Understanding User Intent and Search Behaviour

We just mentioned that using various keywords in your copy is more likely to boost your rankings and drive relevant traffic to your site. What we didn’t mention is why.


Let’s talk about your target audience. In a perfect world, all the customers you reach are already looking to hit the ‘buy’ button. Of course, this isn’t the case. Some are still researching competitors for the best products or services. Some don’t even know what solutions are out there.


Knowing how your audience searches the internet at various stages of their buying journey (also known as user intent) is going to help you come up with a variety of key phrases that match their search queries. 


User intent can be broken down into four categories that reflect how your target audience searches the internet:


1. Informational: The user wants to know something. These searches are often question based and include what, where, why, when, or how.

2. Navigation: The user wants to find a specific website or a certain page on a website. 

3. Commercial: The user is in the decision stage of buying a product and needs additional information to get to the next step.

4. Transactional: The user has an intent to buy a product; search queries are specific to reaching a page in order to make a transaction.

So, part of the keyword strategy phase is incorporating key phrases that match queries. Not every page has to match every stage of the user intent. For example, if you’re building an e-comm site, your product pages likely won’t include keywords that speak to buyers at the informational stage.




Because if your customer has reached that page, their search queries are going to be transactional. Conversely, you don’t want to hit your target audience with a ton of salesly language if they’re looking for information that can be found on your landing page.

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Not All Keywords Are Created Equal

If the point of implementing keywords into your web pages is to get more traffic, you’ll need to come up with the most kick-ass keywords that will give you the best possible chance of outranking your competitors. 

For example, let’s say you represent a tech company that sells word processing software to professional freelance content writers. You already know you’re up against giants like Microsoft Word, Apache OpenOffice, Pages, and Google Docs—popular companies with trusted websites whose SERP rankings probably aren’t going anywhere. 

You don’t need fancy tools to know what you’re up against. Typing “word processor” into Google Search doesn’t show you start-up SaaS companies. Page one is reserved for the heavy hitters. 

We’re not saying that your word-processing software shouldn’t use the term “word processor” in your copy, but we are saying that if you want to rank, you need to be a little more creative when it comes to choosing the keywords you want to rank for.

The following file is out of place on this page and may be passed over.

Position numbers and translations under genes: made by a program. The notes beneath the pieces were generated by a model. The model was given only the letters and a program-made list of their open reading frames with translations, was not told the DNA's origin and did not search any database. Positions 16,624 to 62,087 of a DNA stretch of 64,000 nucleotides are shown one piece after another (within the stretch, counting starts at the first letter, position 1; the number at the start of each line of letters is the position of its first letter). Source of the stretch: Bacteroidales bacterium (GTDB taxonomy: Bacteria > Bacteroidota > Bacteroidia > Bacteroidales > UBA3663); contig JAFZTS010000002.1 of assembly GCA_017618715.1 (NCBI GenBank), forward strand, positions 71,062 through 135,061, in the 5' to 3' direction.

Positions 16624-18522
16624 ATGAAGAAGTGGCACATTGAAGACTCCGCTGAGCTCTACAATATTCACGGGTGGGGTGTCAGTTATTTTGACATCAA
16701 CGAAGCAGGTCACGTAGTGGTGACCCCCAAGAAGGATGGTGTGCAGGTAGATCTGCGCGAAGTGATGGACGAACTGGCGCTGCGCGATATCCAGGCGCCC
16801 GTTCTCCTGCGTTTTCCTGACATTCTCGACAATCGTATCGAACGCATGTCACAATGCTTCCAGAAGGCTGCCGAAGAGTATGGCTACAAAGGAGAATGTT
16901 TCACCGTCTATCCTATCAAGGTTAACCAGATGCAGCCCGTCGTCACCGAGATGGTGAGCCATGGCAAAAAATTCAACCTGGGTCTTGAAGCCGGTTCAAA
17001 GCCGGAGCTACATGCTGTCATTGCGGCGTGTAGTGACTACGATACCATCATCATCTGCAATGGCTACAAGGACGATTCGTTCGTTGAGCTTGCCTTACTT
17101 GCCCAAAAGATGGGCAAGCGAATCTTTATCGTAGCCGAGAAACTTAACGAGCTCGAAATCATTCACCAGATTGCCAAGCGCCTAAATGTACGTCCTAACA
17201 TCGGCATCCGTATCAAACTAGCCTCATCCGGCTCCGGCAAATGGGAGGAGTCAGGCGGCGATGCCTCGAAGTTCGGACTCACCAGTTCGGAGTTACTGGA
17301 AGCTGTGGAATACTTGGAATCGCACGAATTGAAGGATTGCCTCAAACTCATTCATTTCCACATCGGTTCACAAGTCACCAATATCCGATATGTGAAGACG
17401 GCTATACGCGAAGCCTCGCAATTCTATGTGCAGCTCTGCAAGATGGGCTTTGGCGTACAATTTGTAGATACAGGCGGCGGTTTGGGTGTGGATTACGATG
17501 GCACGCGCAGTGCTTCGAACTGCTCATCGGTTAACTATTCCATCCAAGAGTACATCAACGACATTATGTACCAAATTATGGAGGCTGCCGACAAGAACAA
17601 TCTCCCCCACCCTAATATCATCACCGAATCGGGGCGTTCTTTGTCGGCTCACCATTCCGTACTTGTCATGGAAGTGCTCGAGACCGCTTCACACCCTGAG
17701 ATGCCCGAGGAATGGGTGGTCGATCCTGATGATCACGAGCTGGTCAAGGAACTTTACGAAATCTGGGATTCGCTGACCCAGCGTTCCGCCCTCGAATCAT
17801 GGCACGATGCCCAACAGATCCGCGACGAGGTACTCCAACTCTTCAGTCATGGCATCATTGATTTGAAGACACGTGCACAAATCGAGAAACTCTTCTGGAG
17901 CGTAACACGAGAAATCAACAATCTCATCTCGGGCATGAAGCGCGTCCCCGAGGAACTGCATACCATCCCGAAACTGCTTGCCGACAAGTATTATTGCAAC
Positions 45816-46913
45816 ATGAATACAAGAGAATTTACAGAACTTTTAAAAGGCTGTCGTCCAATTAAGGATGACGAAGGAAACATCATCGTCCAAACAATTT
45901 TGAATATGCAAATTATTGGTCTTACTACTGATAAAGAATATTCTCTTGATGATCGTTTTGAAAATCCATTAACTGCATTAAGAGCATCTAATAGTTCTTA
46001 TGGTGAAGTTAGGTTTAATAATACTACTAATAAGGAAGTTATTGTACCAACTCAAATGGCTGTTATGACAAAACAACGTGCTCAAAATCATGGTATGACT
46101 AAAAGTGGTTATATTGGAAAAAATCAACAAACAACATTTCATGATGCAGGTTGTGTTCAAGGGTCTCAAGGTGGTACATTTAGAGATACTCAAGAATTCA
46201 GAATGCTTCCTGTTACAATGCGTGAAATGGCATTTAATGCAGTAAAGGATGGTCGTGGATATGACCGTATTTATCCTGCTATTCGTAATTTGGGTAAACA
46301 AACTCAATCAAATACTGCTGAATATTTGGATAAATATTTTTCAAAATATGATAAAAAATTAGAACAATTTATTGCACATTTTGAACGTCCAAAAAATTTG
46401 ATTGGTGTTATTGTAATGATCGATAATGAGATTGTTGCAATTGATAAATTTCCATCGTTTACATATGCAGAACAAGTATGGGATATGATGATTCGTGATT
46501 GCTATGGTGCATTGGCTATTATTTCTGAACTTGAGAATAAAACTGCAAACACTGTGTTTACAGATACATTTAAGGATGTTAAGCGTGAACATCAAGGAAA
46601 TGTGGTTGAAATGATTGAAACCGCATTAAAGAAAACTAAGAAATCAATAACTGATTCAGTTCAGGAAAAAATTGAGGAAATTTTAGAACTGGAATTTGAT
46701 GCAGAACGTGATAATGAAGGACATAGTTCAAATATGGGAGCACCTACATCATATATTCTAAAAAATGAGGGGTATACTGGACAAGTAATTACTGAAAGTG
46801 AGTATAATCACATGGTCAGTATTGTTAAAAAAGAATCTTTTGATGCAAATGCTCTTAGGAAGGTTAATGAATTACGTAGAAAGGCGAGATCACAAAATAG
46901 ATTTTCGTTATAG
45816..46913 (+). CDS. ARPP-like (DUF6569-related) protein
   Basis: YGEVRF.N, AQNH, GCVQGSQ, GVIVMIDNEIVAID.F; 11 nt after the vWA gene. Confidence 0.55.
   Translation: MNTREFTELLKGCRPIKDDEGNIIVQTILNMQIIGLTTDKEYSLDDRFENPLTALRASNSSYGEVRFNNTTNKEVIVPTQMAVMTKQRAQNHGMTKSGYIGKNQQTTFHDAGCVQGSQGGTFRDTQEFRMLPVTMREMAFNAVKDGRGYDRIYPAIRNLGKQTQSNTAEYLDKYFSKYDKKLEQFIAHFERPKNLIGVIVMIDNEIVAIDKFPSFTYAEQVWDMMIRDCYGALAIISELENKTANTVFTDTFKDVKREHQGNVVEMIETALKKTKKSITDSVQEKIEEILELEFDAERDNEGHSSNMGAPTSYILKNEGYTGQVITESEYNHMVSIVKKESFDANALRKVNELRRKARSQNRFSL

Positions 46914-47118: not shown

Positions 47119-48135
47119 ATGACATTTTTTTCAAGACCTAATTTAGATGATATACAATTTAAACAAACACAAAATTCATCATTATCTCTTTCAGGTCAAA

Keep in mind that your competitors are already using the same kind of terms you are to beat out sites like yours, so part of your strategy is figuring out which keywords are most likely to get you ranked. 

Use Long-Tail Keywords

Users know that if they want to find what they’re looking for, they have to be specific. If someone who wants to go apple-picking types “apple” in Google, they’re far more likely to find search results for Apple products than they are for local farms. 


Not only are single keywords vague and ambiguous, they’re also difficult to rank for. A single word can produce billions of search results, and even if that single word is relevant to your site, it’s not likely you’ll be able to build content that will outrank a high-authority site.


A good strategy is to develop long-tail keywords, which is a keyphrase with words a user will naturally type in their search query. So, instead of typing ‘apple’, your long-tail keyword becomes ‘apple-picking near me’ or ‘best places to go apple-picking in my area’.


Using long-tail keywords helps Google match you to relevant searches.

long tail Artboard 3 1

Using Your Competitors’ Keyword Rankings for Better Insights

All this keyword research doesn’t exist inside a vacuum. Digital marketers spend a lot of time meticulously researching your competitors’s keywords to help you beat them. How well your site ranks is relative to the keyword rankings of other sites. 

Using various keyword tools (which we’ll go into later) here’s what an SEO team does to find out how your site compares to others: 

Keyword Comparison

Compare your and your competitors’ websites to find out what keywords are ranking in certain countries.

Competitor Gap Analysis

Review your competitors for their ranking content to find the high-value keywords your domain isn’t ranking for in the top 100 positions.

‘Quick Wins’ Review

Find out which keywords you’re already ranking for at the bottom of page one to page two of Google. Making small page optimisations to these sites can unblock traffic and boost your rankings. Your site might not necessarily have any ‘quick wins’.